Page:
Once the contractors have the new files in place, all claims going forward will be processed at the revised rates.  However, CMS still is discussing the best way to handle the millions of 2010 claims that were paid at the rates in effect before these corrections and updates were made.  With many different changes occurring at the same time, the situation is complicated and the process for adjusting previously paid claims may vary by service, geographic area, or other factors.  Additional information will be made available once CMS has determined the best way to proceed.  Until then, physicians may want to hold off on resubmitting previously-processed claims affected by the payment changes, since these resubmissions will likely be denied as duplicate claims. [return to top]

CMS Announces New Time Period for Submission of Medicare Claims

In an effort to streamline the claims process, as required by section 6404 of the PPACA, CMS has changed the maximum period for the submission of Medicare claims to not more than 12 months after date of service, beginning with claims with dates of service on or after January 1, 2010.  For more details, please read the MLN Matters Article #MM6960 at:  http://cms.gov/MLNMattersArticles/downloads/MM6960.pdf.  This is a shorter time period than was previously allowed for filing claims.  Prior to the PPACA, the basic time limits for filing claims were on or before December 31st of the following year for services that were furnished in the first 9 months of the calendar year, and on or before December 31st of the second following year for services that were furnished in the last three months of the calendar year. [return to top]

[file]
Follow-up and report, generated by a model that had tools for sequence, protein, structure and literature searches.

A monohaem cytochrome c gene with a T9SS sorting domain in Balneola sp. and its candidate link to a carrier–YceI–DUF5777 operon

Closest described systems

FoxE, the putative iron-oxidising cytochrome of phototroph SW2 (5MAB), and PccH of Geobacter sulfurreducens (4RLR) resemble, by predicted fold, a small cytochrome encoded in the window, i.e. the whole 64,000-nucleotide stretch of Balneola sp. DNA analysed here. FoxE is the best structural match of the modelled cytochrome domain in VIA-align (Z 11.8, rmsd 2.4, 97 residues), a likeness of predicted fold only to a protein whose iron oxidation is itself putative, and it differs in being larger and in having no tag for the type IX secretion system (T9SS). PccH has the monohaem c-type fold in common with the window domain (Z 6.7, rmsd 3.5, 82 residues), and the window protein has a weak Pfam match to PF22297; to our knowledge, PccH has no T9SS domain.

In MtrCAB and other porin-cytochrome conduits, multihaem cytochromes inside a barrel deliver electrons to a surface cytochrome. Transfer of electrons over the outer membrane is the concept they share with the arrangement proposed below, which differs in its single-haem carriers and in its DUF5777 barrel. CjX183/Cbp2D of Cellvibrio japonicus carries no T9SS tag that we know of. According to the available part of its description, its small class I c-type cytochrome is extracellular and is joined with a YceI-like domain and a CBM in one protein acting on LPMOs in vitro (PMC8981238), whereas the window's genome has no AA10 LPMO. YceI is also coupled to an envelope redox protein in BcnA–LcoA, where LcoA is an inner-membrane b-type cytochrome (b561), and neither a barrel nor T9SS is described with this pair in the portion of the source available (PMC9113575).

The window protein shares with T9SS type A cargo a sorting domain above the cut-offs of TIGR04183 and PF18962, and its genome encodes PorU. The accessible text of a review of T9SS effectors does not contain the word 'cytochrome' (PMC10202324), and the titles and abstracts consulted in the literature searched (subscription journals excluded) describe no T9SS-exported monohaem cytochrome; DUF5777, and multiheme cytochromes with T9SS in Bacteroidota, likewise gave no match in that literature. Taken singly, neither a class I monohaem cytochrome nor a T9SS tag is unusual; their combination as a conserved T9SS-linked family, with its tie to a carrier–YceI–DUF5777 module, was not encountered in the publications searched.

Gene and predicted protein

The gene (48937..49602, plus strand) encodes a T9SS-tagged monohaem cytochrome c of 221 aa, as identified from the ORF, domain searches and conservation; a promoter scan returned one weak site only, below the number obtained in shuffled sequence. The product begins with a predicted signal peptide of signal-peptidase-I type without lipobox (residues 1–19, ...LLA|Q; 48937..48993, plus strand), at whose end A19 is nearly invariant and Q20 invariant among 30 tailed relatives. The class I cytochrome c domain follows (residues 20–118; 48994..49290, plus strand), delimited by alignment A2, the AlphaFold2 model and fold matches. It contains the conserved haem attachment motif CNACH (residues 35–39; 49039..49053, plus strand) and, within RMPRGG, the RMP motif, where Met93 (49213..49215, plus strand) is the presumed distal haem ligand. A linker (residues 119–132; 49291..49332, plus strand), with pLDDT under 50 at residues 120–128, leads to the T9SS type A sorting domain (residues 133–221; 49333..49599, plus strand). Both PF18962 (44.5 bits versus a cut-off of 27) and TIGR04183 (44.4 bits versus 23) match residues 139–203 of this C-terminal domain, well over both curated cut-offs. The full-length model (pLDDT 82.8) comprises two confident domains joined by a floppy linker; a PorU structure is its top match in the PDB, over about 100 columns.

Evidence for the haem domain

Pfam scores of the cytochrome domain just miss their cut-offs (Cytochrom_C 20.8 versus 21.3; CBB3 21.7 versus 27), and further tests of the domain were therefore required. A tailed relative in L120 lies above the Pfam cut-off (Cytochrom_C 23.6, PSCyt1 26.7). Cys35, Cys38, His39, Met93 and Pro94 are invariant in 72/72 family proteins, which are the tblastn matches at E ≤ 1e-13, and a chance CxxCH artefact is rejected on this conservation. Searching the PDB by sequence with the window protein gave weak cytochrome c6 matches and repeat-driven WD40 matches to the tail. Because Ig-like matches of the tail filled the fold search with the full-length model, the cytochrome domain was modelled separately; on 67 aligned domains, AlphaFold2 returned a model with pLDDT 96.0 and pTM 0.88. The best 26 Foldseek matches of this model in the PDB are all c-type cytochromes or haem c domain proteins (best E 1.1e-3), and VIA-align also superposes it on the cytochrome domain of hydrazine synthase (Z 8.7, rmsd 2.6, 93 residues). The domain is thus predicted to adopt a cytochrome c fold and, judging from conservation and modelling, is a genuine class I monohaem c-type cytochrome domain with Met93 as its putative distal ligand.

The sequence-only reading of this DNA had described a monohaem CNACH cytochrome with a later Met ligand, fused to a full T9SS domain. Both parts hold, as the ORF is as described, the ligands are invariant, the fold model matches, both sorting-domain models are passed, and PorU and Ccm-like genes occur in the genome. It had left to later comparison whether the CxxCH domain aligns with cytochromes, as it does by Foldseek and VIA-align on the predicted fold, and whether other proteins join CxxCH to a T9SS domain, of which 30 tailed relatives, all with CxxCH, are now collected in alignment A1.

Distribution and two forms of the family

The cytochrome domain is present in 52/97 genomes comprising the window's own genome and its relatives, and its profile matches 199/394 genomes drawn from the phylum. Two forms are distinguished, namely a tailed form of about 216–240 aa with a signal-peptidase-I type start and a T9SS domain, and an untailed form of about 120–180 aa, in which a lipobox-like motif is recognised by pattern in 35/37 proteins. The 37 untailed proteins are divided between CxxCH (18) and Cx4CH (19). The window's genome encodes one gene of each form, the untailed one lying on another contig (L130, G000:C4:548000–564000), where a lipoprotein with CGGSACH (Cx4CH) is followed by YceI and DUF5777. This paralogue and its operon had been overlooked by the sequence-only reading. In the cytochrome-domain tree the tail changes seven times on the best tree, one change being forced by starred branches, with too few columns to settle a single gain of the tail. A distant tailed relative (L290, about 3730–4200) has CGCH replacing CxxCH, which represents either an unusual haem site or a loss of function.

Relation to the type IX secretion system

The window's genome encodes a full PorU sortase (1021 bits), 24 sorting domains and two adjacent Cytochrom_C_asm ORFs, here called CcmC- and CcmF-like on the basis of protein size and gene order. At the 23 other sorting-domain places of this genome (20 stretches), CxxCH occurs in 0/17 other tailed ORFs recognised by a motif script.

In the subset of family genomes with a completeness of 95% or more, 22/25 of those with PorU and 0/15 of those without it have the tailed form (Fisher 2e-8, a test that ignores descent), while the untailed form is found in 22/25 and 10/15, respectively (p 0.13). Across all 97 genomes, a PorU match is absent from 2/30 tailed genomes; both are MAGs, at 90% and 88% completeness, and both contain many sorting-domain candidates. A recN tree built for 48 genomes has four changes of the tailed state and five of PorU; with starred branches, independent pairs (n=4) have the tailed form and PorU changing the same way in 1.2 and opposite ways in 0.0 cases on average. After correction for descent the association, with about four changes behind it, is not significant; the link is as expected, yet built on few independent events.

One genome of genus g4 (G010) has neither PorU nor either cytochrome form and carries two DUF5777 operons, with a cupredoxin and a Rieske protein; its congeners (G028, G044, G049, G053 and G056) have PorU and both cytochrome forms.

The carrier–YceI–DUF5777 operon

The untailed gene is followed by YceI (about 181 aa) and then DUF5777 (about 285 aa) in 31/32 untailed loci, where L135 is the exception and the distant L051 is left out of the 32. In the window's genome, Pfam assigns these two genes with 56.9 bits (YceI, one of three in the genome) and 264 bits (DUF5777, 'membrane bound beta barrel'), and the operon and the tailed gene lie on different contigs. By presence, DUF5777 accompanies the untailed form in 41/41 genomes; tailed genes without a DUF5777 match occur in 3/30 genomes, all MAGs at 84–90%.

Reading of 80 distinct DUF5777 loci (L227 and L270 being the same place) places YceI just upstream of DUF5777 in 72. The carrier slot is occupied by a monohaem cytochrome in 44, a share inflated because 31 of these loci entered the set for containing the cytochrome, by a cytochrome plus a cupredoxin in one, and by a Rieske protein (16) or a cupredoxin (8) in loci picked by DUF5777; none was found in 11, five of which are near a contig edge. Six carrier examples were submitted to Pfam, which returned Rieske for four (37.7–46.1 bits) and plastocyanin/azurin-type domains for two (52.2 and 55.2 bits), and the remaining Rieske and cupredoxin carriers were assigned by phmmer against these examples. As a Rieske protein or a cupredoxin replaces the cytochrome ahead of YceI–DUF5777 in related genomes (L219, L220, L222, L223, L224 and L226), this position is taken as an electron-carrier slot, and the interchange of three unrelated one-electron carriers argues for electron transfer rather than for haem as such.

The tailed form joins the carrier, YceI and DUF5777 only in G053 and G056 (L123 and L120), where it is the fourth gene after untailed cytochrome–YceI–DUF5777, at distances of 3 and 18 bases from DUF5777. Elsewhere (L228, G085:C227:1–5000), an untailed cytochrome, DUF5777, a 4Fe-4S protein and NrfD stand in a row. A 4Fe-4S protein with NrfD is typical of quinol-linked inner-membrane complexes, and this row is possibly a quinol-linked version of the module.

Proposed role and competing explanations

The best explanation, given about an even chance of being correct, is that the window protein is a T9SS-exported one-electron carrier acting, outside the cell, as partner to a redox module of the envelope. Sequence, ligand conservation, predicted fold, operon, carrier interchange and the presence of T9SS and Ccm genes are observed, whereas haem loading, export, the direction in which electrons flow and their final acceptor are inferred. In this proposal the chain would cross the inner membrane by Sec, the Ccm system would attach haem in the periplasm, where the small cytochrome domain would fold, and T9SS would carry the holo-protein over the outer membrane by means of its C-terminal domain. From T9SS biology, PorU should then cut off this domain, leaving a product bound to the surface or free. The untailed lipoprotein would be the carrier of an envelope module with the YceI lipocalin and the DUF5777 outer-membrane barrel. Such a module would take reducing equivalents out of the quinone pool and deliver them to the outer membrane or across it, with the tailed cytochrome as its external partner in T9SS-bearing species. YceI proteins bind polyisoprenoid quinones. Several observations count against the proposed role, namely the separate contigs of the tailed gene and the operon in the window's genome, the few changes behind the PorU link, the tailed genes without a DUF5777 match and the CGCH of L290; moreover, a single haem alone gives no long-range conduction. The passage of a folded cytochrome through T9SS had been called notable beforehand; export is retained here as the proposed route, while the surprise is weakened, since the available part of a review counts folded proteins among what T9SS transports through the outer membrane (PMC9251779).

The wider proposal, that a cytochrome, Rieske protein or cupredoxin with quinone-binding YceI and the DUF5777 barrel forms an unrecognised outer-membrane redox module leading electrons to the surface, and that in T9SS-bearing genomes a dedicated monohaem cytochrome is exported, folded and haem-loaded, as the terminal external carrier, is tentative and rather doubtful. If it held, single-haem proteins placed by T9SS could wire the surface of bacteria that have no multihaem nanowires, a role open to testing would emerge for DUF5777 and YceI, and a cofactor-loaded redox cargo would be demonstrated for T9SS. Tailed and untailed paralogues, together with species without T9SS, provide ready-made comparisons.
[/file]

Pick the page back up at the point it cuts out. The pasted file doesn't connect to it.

For more information or to contact us directly, please visit www.mainemed.com l ©2003, Maine Medical Association